And I knew that it made sense to start giving it all away as baby gifts to my friends, but I just COULD NOT LET THESE THINGS GO. Just like you, it felt like I was giving up.

It's weird. It's just STUFF. You know it's just STUFF. And yet...it's kind of not just stuff.

Elizabeth said...

It feels SO final, doesn't it? Even though of course one can buy more onesies and swings and stuff, it just feels so final. I am not at that point yet where I can give the stuff away, so I am giving us all permission to just sit with it for a bit longer.

claire said...

At first my plan was to keep everything till I had gone through menopause. Then I decided on a compromise. I decided to keep most of the outgrown toys and equipment, but get rid of the clothing. First of all, there's no guarantee that it will be the right season at the right size for a new baby. Secondly, we have very little storage space in my house (closets are a joke), so the only place to store it is the attic or the basement. It might not stay in good condition being stored in those locations, and I would feel horrible if it came out of storage in bad condition when it could have been a blessing to someone else all these years. So, last year I bit the bullet and got rid of it. It was very hard, but I got through it.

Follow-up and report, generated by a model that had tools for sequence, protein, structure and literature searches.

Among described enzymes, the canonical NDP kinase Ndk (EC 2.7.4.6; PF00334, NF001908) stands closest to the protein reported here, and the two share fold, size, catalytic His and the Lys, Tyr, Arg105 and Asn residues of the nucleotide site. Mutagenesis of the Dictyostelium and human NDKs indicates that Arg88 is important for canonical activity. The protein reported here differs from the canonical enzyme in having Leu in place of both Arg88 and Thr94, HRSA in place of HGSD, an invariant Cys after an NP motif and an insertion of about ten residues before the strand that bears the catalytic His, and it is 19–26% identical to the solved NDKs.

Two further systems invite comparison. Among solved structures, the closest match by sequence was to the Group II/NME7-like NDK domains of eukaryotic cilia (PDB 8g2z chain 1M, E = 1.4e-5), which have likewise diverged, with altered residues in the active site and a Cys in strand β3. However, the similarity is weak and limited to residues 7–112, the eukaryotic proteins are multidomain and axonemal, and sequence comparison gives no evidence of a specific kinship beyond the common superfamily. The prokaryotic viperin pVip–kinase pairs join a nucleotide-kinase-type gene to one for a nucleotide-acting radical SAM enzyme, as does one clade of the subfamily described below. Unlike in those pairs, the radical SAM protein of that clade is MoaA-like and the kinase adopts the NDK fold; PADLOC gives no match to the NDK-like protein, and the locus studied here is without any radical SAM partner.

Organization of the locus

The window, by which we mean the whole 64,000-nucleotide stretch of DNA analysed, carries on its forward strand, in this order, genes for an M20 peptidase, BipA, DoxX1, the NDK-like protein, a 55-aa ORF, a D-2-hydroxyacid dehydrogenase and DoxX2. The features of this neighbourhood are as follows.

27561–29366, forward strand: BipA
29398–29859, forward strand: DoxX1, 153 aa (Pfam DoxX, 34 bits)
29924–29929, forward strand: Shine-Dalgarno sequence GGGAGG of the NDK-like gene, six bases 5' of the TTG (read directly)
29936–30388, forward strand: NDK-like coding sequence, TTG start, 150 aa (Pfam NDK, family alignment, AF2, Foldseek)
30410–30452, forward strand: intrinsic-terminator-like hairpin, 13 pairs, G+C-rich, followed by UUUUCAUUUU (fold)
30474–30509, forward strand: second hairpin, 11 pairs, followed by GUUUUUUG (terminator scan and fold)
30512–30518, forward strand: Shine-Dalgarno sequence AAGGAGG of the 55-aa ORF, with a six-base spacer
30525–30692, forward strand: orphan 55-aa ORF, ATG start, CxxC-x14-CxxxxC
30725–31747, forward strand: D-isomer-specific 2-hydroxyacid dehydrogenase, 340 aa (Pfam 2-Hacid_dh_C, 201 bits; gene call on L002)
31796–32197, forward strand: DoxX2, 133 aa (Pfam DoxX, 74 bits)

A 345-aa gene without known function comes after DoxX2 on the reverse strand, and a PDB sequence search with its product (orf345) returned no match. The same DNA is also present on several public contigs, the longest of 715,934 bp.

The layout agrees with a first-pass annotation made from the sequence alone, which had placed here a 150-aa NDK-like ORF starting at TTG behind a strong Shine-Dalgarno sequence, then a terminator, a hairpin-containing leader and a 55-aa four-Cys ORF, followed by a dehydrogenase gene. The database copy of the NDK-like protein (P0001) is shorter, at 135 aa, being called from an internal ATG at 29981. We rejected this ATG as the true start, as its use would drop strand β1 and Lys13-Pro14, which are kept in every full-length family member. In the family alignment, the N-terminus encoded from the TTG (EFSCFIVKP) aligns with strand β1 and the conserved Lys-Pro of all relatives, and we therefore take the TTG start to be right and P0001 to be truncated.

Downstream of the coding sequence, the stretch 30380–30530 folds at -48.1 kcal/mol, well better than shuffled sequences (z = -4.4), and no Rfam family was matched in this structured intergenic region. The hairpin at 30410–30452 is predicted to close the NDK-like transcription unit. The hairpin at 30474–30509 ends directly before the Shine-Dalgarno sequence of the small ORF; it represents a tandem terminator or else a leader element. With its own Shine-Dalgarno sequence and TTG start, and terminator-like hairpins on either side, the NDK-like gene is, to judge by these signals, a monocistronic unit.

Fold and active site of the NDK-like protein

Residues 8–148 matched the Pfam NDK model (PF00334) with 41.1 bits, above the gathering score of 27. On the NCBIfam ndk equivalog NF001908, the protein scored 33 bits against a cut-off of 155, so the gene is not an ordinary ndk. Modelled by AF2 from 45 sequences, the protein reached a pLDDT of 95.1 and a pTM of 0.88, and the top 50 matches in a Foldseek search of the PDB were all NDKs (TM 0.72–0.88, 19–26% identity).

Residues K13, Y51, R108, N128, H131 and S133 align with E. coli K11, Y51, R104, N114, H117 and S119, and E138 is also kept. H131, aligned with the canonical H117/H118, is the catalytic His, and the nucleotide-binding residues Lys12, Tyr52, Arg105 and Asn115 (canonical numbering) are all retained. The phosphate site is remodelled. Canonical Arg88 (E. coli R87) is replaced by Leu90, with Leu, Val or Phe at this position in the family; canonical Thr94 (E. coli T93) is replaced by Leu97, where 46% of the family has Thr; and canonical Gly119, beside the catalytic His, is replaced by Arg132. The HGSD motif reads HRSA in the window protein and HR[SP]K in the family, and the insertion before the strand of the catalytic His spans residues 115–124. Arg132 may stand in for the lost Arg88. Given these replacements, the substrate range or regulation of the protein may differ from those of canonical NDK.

Sarah in Ottawa said...

I'm with A'Dell - it's stuff, sure, but it's the hope that the stuff represents. You aren't ready to give up hope yet, and I completely understand.

I'm praying for that miracle baby to come early. xo

Lisa said...

I feel the same way. Now, with our recent adoption of baby boy, I feel more comfortable passing things along to the next user. We won't seek out another adoption...if one comes to us, we wouldn't refuse it. But I'm not going to save stuff on the off chance that that happens. And it feels kind of good to let go like that. I admit that I'm in a unique position, since "openness to life" for us doesn't really include fertility. At least, it hasn't for almost 8 years. And we're OK with that. Now.